I got an email from a client this morning, raving about this exceptional new stock everyone was talking about. It had already tripled since going public, and all the charts looked amazing.
Curious, of course, I went online to do some research. The company was in the mining industry, and had one early stage project, which, if everything worked out according to plan, would bring home a cash flow worth around $3,500,000. The market capitalization (the current price per share times the number of shares outstanding) was $40,000,000. Basically, the company was trading for more than ten times its worth, and yet this woman considered it an exceptional investment.
This is an excellent example of an instance where the two main schools in stock evaluation — fundamental and technical analysis — contradict each other. For someone who selects stocks using fundamental analysis, which deals with the book value of a company (its assets, in whatever form they come), buying this stock would be absurd. To the fundamental investor, companies trading below the value of its assets are good buys, whereas companies trading above this number are no-gos. And a company trading for ten times the highest possible value of its assets . . . well, you get the picture.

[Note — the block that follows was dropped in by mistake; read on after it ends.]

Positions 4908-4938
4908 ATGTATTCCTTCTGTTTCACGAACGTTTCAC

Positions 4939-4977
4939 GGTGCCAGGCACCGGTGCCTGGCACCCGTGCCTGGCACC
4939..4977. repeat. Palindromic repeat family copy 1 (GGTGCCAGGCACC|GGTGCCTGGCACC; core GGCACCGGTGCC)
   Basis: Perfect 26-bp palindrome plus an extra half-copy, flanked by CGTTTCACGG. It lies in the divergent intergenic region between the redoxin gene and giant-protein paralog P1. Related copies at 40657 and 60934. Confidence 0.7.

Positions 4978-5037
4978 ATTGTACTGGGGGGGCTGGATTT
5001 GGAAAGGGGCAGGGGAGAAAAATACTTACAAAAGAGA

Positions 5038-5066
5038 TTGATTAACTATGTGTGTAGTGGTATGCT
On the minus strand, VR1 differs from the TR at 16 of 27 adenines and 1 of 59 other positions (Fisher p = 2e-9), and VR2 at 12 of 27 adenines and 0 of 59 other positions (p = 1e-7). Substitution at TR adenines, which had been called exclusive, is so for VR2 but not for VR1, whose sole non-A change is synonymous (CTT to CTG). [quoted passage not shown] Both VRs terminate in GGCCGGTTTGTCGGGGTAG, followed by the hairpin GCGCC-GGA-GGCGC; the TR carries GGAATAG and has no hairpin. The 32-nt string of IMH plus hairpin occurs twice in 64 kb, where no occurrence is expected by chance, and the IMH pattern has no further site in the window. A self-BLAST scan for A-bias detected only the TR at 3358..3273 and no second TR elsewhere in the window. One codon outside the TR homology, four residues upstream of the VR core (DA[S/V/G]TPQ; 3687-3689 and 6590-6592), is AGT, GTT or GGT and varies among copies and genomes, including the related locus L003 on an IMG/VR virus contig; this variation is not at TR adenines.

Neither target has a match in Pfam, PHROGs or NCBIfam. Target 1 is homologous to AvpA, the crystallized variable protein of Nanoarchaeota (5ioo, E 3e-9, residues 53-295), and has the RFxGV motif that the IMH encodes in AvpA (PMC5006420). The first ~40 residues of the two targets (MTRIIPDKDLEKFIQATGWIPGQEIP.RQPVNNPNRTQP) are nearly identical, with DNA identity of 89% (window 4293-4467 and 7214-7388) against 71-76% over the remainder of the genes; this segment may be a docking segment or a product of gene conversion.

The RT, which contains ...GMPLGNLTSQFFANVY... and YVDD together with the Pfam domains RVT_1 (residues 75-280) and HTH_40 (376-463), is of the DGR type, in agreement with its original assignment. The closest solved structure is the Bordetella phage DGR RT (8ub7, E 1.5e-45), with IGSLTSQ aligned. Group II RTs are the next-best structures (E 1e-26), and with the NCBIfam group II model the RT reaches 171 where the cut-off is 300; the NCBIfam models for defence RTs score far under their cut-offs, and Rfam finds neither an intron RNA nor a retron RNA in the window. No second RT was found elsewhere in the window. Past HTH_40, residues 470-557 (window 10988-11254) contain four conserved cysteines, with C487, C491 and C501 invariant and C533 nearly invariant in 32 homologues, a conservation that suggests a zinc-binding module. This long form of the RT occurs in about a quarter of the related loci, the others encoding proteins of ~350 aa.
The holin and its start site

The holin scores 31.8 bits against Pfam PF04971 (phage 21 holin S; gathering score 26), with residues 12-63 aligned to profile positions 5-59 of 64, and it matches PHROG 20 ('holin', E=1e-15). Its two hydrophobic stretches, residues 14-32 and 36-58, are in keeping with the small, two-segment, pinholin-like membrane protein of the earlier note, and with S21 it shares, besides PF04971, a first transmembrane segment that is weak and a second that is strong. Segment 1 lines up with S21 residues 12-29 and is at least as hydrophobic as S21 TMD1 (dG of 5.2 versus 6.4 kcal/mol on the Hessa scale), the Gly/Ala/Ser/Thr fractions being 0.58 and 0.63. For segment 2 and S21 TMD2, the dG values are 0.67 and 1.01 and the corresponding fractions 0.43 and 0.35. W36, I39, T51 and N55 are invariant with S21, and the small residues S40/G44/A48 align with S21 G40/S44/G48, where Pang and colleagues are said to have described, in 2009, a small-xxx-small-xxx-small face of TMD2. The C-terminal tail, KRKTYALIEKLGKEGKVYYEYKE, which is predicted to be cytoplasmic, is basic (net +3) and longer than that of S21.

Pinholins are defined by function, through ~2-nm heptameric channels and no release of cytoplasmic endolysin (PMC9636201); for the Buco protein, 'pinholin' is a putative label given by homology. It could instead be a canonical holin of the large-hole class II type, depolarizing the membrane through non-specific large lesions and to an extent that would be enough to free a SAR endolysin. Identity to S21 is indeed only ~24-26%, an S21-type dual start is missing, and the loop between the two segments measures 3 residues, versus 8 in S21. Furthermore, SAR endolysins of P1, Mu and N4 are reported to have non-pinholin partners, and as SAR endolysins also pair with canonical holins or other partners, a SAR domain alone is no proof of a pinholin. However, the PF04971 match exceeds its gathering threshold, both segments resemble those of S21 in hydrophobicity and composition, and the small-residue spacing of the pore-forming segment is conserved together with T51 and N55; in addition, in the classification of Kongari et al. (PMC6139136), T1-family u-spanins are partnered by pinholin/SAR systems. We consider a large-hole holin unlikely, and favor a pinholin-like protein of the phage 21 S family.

For a person using technical analysis, however, it could make perfect sense. In my next blog entry, I will explain how.
Note that selecting your stocks should follow this blog on the next day.